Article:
Date: 09/13/97 at 17:19:49 From: Oliver Dale Subject: Euler function and radians I have seen the famous Euler equation e^i*pi-1 = 0 and know something abut its derivation. Specifically, it follows from the infinite series that define sin, cos and e^x. My question is: does the equation still work if we decide to work in degrees (i.e. is e^i*90-1=0 true)? I ask because the mysterious appearance of e, i, and pi in one equation isn't so strange if it is partly definitional. I believe the question boils down to this: do the infinite series definitions of sin and cos (cos(x) = 1 - x^2/2! + x^4/4! - x^6/6! + ..., and sin(x) = x - x^3/3! + x^5/5! - x^7/7! + ...) work if x is expressed in degrees, or are they only valid when x is a radian expression?
Date: 09/13/97 at 19:04:56 From: Doctor Anthony Subject: Re: Euler function and radians The Euler equation is e^(i.pi)+1 = 0 The series you quote for cos(x) and sin(x) require x to be in radians. Radian measure is non-dimensional, being the ratio of two lengths, arc length divided by radius, just as sin and cos are non-dimensional, again being ratios of lengths. It is necessary, of course, that the two sides of the equation have the same dimensions - in this case both are non-dimensional. Degrees are not mathematical in any real sense. They are arbitrary conventions and, historically, mathematicians could have agreed to have 500 'degrees' in a circle or any number you care to think of. -Doctor Anthony, The Math Forum Check out our web site! http://mathforum.org/dr.math/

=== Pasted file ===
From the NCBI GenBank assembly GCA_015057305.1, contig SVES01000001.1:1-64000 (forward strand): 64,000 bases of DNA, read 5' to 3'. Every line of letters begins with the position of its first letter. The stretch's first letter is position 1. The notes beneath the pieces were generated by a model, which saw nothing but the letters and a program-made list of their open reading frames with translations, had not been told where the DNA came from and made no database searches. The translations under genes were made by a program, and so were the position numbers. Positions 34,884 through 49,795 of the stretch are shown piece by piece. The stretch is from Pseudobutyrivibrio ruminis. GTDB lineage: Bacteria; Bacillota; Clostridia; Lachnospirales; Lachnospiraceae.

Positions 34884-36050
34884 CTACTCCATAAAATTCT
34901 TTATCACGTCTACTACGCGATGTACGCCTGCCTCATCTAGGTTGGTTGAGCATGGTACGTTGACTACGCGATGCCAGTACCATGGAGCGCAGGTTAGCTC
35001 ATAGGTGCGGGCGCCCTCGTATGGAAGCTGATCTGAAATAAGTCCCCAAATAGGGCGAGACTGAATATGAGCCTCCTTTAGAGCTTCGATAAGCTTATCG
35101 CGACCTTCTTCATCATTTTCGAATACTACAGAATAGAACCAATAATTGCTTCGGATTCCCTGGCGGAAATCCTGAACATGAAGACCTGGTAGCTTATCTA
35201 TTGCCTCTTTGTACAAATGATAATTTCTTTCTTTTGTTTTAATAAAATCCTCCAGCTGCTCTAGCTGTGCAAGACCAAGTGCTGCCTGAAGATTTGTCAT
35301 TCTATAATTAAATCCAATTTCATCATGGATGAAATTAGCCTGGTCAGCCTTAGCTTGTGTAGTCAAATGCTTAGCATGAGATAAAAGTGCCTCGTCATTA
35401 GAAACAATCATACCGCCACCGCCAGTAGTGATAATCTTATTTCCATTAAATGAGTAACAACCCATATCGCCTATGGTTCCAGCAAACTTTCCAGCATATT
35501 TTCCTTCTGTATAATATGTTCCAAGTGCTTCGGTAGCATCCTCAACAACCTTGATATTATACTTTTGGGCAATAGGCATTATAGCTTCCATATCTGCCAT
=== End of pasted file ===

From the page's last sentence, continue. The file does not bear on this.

Date: 09/18/97 at 21:39:35 From: Oliver Dale Subject: Re: Euler function and radians Thank you very much for your reply. It was quite helpful. I am still a little confused. I have heard in a number of places that the Euler function is in some way arbitrary. From the information in your email, it seems to me that one could fairly easily prove the truth of the equation. To me that indicates that the Euler function tells us something "real" and not constructed. Am I missing something? Thanks again for the help you have already given. Oliver Dale
Date: 09/19/97 at 07:41:35 From: Doctor Anthony Subject: Re: Euler function and radians The Euler equation is indeed something real. The derivation is not too difficult if you are familiar with the basics of complex numbers and exponential functions. Start with z = cos(x) + i.sin(x) ......(1) dz/dx = -sin(x) + i.cos(x) = i(cos(x) + i.sin(x)) (since i^2 = -1) = i.z So dz/z = i.dx now integrate both sides ln(z) = i.x + const. from (1) when x= 0, z= 1 so const. = 0 ln(z) = i.x z = e^(i.x) but z = cos(x) + i.sin(x) so cos(x) + i.sin(x) = e^(i.x) .........(2) Put x = pi in (2) and we get: -1 + 0 = e^(i.pi) and so e^(i.pi) + 1 = 0 As you can see there is nothing contrived about this equation. -Doctor Anthony, The Math Forum Check out our web site! http://mathforum.org/dr.math/
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